On October 26, Canada's parliament unanimously passed an anti-Islamophobia motion, which was the result of a petition initiated by Samer Majzoub, president of the Canadian Muslim Forum. The petition garnered almost 70,000 signatures.
According to the text of the petition,
"Recently an infinitesimally small number of extremist individuals have conducted terrorist activities while claiming to speak for the religion of Islam. Their actions have been used as a pretext for a notable rise of anti-Muslim sentiments in Canada; and these violent individuals do not reflect in any way the values or the teachings of the religion of Islam. In fact, they misrepresent the religion. We categorically reject all their activities. They in no way represent the religion, the beliefs and the desire of Muslims to co-exist in peace with all peoples of the world. We, the undersigned, Citizens and residents of Canada, call upon the House of Commons to join us in recognizing that extremist individuals do not represent the religion of Islam, and in condemning all forms of Islamophobia".
The Parliament of Canada, in Ottawa. (Image source: Saffron Blaze/Wikimedia Commons)
While a motion will have no legal effect unless it is passed as a bill, the symbolic effect of the Canadian parliament unanimously condemning "all forms of Islamophobia," without making the slightest attempt at defining what is meant by "Islamophobia," can only be described, at best, as alarming.
What exactly are they condemning? Criticism of Islam? Criticism of Muslims? Debating Mohammed? Depicting Mohammed? Discussing whether ISIS is a true manifestation of Islam? Is any Canadian who now writes critically of Islam or disagrees with the petitioners that ISIS "does not reflect in any way the values or the teachings of the religion of Islam" now to be considered an "Islamophobe"?
No one knows, and it is doubtful whether the members of the Canadian parliament know what it means themselves. It would seem, however, that the initiator of the petition, Muslim Brotherhood-affiliated Samer Majzoub, knows. This is what he had to say in an interview with the Canadian Muslim Forum after the motion passed:
"Now that Islamophobia has been condemned, this is not the end, but rather the beginning ... We need to continue working politically and socially and with the press. They used to doubt the existence of Islamophobia, but now we do not have to worry about that; all blocs and political figures, represented by Canada's supreme legislative authority, have spoken of that existence. In the offing, we need to get policy makers to do something, especially when it comes to the Liberals, who have shown distinct openness regarding Muslims and all ethnicities... All of us must work hard to maintain our peaceful, social and humanitarian struggle so that condemnation is followed by comprehensive policies."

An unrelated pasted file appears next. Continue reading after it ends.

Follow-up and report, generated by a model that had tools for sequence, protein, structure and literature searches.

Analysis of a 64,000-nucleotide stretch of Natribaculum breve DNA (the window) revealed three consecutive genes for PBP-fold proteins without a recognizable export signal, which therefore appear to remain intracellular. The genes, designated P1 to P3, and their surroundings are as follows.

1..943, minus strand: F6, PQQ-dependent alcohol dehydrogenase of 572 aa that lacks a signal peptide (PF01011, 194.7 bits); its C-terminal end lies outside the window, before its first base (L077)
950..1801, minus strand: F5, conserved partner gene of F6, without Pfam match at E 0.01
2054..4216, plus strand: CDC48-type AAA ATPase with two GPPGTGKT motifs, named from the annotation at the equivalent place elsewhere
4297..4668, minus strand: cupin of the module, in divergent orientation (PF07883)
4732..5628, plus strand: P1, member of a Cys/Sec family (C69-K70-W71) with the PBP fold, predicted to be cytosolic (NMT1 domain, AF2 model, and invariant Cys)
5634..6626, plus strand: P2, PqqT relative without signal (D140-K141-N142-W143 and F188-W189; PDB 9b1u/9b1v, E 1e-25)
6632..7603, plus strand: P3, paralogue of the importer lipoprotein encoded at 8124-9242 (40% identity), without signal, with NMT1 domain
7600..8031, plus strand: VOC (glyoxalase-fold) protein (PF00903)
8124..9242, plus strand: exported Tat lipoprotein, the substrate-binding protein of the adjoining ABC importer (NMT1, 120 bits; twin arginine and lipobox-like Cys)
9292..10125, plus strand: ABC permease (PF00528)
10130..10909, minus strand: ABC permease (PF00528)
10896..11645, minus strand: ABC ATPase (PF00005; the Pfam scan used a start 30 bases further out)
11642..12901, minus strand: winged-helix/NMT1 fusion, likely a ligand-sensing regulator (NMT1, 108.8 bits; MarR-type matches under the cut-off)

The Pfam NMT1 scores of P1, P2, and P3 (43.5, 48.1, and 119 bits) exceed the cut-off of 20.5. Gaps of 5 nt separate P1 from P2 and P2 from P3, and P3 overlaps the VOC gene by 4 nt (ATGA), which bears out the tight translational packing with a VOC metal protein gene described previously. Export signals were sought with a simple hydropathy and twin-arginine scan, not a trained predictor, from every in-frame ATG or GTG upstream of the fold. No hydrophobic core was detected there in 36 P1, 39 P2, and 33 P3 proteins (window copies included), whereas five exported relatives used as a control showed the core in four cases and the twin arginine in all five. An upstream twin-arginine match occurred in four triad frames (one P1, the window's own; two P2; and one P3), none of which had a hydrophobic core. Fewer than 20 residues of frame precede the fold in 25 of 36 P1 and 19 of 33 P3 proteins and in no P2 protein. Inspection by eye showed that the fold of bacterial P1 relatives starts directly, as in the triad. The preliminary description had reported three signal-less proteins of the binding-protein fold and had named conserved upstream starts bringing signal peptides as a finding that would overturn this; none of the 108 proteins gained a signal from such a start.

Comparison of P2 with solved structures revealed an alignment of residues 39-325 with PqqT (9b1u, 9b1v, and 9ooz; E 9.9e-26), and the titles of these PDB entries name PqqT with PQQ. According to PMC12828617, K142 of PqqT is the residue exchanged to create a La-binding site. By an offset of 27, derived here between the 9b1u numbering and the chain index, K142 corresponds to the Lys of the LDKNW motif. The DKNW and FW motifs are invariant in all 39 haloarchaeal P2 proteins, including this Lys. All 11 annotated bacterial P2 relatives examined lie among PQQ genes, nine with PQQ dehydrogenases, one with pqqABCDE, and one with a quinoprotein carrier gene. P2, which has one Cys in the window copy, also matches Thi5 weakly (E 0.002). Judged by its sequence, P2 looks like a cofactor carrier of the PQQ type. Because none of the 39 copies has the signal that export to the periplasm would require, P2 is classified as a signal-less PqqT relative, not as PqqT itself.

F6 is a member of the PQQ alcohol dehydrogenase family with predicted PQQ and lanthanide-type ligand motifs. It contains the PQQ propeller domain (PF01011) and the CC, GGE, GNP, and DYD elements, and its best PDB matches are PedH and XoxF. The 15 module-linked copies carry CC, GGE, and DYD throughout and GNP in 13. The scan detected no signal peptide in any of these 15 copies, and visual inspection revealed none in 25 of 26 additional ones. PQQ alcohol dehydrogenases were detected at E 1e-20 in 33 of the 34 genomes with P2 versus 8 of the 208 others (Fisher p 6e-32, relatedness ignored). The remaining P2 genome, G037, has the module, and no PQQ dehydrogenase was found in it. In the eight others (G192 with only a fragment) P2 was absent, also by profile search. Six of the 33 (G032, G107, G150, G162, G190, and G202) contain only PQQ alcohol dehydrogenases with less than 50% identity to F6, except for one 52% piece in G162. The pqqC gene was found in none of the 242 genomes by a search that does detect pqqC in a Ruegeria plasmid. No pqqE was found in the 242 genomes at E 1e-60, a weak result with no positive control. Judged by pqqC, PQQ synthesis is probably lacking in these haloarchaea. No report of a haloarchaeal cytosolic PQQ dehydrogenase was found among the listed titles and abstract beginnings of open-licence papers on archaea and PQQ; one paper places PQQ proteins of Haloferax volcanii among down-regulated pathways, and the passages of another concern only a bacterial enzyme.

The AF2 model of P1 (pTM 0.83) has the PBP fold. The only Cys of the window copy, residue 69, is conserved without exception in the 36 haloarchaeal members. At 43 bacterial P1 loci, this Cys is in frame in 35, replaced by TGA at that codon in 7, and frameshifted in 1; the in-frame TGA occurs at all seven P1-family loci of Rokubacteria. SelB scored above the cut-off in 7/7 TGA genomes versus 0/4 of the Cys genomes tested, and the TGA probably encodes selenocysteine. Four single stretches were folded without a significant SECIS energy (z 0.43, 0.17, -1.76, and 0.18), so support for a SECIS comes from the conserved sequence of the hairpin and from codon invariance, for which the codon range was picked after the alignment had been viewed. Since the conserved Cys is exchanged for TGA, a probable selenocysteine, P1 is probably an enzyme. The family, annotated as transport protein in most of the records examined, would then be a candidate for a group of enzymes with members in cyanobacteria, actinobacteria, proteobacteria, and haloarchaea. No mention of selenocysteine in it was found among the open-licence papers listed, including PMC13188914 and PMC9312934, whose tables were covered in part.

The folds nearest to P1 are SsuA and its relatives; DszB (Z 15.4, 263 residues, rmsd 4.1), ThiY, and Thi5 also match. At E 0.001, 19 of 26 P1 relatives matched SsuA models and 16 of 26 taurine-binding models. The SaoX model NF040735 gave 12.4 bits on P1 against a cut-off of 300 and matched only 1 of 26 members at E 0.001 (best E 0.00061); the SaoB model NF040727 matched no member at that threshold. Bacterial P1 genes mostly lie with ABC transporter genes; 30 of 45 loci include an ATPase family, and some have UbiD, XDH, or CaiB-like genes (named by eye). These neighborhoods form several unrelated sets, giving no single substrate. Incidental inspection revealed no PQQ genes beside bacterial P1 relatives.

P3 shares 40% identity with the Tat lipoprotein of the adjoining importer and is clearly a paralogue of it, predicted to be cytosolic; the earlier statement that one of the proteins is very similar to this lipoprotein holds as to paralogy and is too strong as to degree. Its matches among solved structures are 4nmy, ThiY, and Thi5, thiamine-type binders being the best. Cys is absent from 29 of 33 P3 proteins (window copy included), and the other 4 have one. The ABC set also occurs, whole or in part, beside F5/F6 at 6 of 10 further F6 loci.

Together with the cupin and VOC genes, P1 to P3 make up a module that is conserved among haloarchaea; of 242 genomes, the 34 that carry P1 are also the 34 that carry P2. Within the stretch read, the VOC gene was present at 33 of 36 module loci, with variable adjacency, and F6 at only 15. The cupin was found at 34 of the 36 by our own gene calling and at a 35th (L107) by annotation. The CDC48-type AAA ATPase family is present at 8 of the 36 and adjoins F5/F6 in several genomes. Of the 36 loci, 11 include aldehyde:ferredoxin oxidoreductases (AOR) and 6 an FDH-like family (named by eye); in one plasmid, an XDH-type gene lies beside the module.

Whereas the Canadian parliamentarians seem entirely unaware of what Muslim organizations have in store for them in terms of "comprehensive policies", it is clear that to the parliamentarians, the motion constitutes "virtue-signaling" at its worst. Whereas the parliamentarians might now feel good about themselves, does their vote mean that those Canadians who dare to criticize Islam and disagree vehemently with the premises of the motion are likely to be considered (even more) beyond the pale of civilized society? Does it mean that only one view is correct and that any view that differs from it will now be, by default, incorrect -- if not criminal?
It will almost certainly deter people from speaking up, for fear that they will be labeled "racists" or "Islamophobes" by arbitrarily creating a threatening atmosphere of political correctness, where those who do not adhere to the groupthink are shamed and ostracized. Such strangulation of opinion also cannot be beneficial to any country's national security. How can anyone warn the authorities about virtually anything if they have to worry first that their warning might be considered "Islamophobic"?
There were, of course, no parallel motions in Canada's parliament to condemn "Christianophobia" or "Judeophobia," the latter being much more prevalent than "Islamophobia." In fact, according to statistics, Jewish Canadians are more than 10 times as likely to be the victim of a hate crime than Muslim Canadians.
It was exactly this kind of toxic, politically correct atmosphere in the United States that enabled Major Nidal Malik Hasan, an Army psychiatrist, to gun down 13 people and to wound 29 others in the Fort Hood massacre in 2009. His former classmate, Lt. Col. Val Finnell, told Fox news at the time that, despite Hasan's suspicious behavior, such as giving a presentation justifying suicide bombings, nothing was done about Hasan to see if he might be a security risk. Instead, he was treated with kid gloves. "The issue here is that there's a political correctness climate in the military. They don't want to say anything because it would be considered questioning somebody's religious belief, or they're afraid of an equal opportunity lawsuit", said Lt. Col. Finnell.
In December 2015, a man who had been working in the area where the San Bernardino terrorist Syed Farook lived told CBS Los Angeles that,